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Chemistry LibreTexts

Transmutation of the Elements

  • Page ID
    10979
  • Although the conversion of one element to another is the basis of natural radioactive decay, it is also possible to convert one element to another artificially. The conversion of one element to another is the process of transmutation. Between 1921 and 1924, Patrick Blackett conducted experiments in which he converted a stable isotope of nitrogen to a stable isotope of oxygen. By bombarding \(\ce{^{14}N}\) with \(\alpha\) particles he created \(\ce{^{17}O}\). Transmutation may also be accomplished by bombardment with neutrons.

    \[\ce{^{14}_7N + ^4_2He \rightarrow ^{17}_8O + ^1_1H}\]

    Historically, part of Alchemy was the study of methods of creating gold from base metals, such lead. Where the Alchemists failed in this quest, we can now succeed. Thus, bombardment of platinum-198 with a neutron creates an unstable isotope of platinum that undergoes beta decay to gold-199. Unfortunately, while we may succeed in making gold, the platinum we make it from is actually worth more than the gold making this particular transmutation economically non-viable!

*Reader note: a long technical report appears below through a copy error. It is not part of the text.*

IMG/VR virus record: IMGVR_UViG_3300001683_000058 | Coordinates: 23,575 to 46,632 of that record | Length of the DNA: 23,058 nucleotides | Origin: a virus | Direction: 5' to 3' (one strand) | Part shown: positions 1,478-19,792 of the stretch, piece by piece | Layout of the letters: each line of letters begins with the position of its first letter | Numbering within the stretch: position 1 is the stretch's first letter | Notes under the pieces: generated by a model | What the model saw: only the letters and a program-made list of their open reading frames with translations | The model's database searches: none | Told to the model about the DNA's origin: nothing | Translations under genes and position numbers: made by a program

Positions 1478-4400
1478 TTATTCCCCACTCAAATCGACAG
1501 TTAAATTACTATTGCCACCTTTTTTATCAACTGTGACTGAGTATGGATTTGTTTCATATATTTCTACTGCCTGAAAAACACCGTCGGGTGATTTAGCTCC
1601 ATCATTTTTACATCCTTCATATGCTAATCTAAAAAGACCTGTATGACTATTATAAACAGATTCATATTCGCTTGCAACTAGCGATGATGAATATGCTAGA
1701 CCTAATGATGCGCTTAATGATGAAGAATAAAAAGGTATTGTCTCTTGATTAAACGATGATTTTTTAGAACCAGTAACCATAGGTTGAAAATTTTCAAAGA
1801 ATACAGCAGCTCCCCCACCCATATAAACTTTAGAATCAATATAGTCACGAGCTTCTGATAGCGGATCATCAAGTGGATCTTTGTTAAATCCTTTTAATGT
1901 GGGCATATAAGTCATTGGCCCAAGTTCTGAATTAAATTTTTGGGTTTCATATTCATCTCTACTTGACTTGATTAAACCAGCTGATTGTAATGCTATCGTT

\[\ce{^{198}_{78}Pt + ^1_0n \rightarrow ^{199}_{78}Pt \rightarrow  ^{199}_{79}Au + ^0_{-1}\beta}\]

    Contributors

    • Andrew R. Barron
    • Steven B. Krivit